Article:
“We were rolling along [with our schedule] and we wanted to continue to use our story times to tell Coach’s stories and we would use Coach’s ‘thought of the day’ — which became a little more special because we were using the thoughts and teachings of someone who was no longer with us,” Jones said.

Entering the weekend, the Stags are three games away from winning the WCAC championship. Though Jones is clear he did not ask his student-athletes to dedicate their championship run to Wootten’s memory, he does acknowledge what every victory from this point on means to him and the entire DeMatha family.

“I will never be able to look up and see Coach Wootten sitting at the top of the bleachers or leaning over the rail giving me the thumbs up, that’ll never happen again. I’ll never get another text message from him telling me how proud he is of our team, that’ll never happen again,” Jones said. “So anything we accomplish, people should know one of our first thoughts will be Coach Wootten and I don’t know that that will ever end.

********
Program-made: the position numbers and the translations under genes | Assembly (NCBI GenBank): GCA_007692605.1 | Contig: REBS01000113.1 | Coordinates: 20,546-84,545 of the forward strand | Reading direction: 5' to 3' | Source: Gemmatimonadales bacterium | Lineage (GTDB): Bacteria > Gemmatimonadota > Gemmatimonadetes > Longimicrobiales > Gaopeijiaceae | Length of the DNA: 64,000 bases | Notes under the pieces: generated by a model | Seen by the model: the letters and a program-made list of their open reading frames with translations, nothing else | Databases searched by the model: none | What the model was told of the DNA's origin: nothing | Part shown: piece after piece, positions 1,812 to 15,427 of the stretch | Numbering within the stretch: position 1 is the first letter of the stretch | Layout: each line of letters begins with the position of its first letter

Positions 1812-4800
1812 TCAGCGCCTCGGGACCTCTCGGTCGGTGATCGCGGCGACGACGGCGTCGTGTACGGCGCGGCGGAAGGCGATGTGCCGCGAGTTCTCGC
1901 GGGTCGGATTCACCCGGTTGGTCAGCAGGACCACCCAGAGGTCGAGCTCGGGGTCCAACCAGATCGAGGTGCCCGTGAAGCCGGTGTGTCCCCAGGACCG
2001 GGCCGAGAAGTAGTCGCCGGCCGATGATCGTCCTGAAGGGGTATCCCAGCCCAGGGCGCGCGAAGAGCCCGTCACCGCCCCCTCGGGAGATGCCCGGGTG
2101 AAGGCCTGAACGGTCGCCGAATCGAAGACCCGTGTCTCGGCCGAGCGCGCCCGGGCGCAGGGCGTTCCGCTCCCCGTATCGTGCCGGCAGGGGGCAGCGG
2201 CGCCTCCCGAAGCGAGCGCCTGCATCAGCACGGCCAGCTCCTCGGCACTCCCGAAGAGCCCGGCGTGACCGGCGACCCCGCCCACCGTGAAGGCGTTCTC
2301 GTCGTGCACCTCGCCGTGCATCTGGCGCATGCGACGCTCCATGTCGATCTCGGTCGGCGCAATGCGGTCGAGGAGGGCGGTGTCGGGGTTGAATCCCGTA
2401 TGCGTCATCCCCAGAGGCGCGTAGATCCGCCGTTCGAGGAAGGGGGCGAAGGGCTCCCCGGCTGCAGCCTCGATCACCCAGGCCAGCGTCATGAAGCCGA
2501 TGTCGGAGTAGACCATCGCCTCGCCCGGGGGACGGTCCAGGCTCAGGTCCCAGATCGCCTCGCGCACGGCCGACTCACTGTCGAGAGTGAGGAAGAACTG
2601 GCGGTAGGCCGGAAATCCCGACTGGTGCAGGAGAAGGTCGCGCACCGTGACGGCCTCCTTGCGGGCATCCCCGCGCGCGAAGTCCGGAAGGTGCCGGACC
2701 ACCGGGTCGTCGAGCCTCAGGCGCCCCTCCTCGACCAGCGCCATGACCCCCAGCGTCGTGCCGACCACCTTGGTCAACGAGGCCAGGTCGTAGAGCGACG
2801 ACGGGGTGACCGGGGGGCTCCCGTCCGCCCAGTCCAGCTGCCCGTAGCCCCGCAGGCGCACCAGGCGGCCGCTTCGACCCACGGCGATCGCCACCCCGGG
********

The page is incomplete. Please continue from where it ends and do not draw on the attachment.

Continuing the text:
“I know he’s watching over us and he’s watching over the game of basketball as a whole because his fingerprints are all over it.”


WCAC Tournament Preview, Schedule: DeMatha is the top seed but not necessarily the favorite

WCAC Tournament Preview, Schedule: DeMatha is the top seed but not necessarily the favorite

The WCAC is home to some of the most prestigious basketball programs in the country. When the conference tournament tips off Thursday night, the league's highly-recruited, nationally-ranked and uber-talented young men will put their collective games on display for the nation to see. Needless to say, the WCAC tournament is going to be a movie.

Here’s the breakdown: